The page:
So what is the best advice I can give to help you  to develop a resistance training program and grow  your muscle mass?  Below is my list of suggestions:

1.  I would STRONGLY recommend that you follow proper form every time you preform a  resistance training exercise to avoid injury.  If you are unsure what proper form is, please consult with a certified personal trainer, physical therapist or an online resource like my YouTube channel: Thriving_MD

2.  I would STRONGLY recommend that you start low and go slow, meaning that you don’t go to the gym and immediately try to lift the heaviest weight.  At the beginning, if you have never lifted weights or have not lifted weights in a long time, you will be SORE for several days after you work out.  While this might be unpleasant, it is a necessary part of growing your muscles.  However, if you lift too heavy too soon you can cause injury which is counterproductive and delay muscle gains while you are taking time off to recover.  So again, start with light weights and slowly increase the amount of weight that you are lifting over time to avoid injury.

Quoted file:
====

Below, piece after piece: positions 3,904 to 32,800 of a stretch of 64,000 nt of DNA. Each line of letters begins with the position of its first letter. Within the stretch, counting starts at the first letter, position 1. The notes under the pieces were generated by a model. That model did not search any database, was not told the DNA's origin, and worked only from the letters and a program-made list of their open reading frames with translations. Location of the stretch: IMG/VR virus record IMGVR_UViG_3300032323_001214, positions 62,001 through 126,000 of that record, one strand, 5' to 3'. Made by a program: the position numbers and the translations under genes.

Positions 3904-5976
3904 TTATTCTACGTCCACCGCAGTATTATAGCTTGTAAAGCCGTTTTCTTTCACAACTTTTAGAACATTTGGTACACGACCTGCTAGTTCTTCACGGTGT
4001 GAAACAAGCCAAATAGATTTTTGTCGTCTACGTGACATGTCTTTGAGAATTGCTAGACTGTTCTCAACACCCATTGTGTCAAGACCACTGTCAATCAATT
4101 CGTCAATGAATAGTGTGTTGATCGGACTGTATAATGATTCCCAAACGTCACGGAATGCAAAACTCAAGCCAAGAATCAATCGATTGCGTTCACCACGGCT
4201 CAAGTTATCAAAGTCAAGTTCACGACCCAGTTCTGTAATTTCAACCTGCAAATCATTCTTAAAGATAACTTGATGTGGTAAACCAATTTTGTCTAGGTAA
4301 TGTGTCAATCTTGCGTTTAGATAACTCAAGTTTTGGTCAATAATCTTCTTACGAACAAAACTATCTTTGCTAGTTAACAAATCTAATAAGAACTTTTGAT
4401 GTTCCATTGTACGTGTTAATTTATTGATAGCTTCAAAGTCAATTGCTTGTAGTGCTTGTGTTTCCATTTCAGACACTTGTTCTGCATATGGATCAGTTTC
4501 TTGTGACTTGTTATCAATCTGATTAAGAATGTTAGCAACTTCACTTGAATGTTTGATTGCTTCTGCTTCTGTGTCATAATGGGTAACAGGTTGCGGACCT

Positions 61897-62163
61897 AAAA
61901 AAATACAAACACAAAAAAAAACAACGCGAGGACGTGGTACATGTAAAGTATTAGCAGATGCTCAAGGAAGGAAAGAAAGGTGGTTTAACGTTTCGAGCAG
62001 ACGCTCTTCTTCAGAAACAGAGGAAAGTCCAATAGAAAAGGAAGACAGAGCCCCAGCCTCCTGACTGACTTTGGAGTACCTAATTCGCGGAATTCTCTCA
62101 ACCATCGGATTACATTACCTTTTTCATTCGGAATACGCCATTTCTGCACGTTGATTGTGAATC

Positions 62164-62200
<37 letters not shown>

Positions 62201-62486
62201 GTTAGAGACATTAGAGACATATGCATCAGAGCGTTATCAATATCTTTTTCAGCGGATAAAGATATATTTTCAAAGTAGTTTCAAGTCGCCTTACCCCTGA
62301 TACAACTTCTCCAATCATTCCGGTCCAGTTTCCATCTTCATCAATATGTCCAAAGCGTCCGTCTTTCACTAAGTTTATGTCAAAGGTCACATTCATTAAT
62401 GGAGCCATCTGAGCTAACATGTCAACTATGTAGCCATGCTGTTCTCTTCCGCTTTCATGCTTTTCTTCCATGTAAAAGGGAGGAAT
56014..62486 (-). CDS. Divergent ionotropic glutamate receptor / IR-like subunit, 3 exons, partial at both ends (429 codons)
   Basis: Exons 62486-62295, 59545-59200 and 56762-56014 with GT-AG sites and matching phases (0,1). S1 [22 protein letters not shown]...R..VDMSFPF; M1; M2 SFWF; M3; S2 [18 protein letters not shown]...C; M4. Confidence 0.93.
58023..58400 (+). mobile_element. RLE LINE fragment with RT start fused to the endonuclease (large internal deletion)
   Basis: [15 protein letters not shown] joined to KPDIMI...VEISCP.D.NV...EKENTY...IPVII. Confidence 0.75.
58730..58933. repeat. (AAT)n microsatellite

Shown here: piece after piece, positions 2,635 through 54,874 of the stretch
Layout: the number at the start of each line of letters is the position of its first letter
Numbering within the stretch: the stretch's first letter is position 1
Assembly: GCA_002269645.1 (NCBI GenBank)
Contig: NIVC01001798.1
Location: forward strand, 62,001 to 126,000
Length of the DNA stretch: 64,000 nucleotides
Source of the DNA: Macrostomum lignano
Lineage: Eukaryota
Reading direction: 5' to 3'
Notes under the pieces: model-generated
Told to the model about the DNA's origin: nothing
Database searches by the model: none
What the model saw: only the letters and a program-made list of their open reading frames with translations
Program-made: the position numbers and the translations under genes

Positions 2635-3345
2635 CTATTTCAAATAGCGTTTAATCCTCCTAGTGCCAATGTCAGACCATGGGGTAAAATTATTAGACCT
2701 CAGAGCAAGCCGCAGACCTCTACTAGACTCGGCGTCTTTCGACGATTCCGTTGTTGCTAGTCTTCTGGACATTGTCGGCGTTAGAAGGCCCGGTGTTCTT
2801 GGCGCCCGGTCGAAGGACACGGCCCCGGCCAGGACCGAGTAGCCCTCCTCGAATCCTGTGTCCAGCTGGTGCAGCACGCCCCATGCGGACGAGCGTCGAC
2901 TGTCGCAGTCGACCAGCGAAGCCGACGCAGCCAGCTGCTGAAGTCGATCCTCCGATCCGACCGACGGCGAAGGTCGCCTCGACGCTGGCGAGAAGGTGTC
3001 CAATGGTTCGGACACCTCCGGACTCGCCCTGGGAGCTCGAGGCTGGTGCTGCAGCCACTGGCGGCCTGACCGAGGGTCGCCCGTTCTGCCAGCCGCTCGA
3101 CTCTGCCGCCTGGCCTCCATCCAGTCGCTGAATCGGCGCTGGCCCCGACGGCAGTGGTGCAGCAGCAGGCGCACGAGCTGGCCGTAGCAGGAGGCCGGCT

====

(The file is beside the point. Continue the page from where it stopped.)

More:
3.  I would recommend that you add at least three days of resistance training into your routine weekly. 

4.  I would recommend that when you design a resistance training routine, that you NEVER skip leg day.  Your legs (which include the quadriceps, gluteal and hamstring muscles) are the biggest muscle group in your body. They burn the most fat, they improve your metabolism the most and  they release the most hormones to encourage muscles all over your body to grow!  So don’t skip leg day!

5.  I would recommend that as you start to follow a resistance training routine, you write down every exercise you complete along with the weight you are used and the number of reps you completed.   Once you notice you can do 2 extra repetitions in 2 consecutive work outs of any given exercise, increase the weight you are lifting.  You have to increase the weight you lift over time in order to increase your muscle mass.

6.  I recommend alternating major muscle groups each day (ie leg day, chest day, back day) and having at least 2 days of rest per week (meaning no resistance training on those days) so that you don’t overtrain your muscles.  Overtraining can lead to injury and slower gains over time.

7.   I recommend completing exercise 8-15 repetitions per exercise, but that at the end of your repetitions you feel that the last few repetitions are very difficult. If you find that after 15 reps the exercise is not very difficult you need to increase the weight that you are lifting. 

8.  When you are resistance training, try to work on getting the full range of motion for the  muscle and joint/joints that you are working.  If you complete the full range of motion you will get better muscle growth,  muscle balance, joint stability and greater flexibility.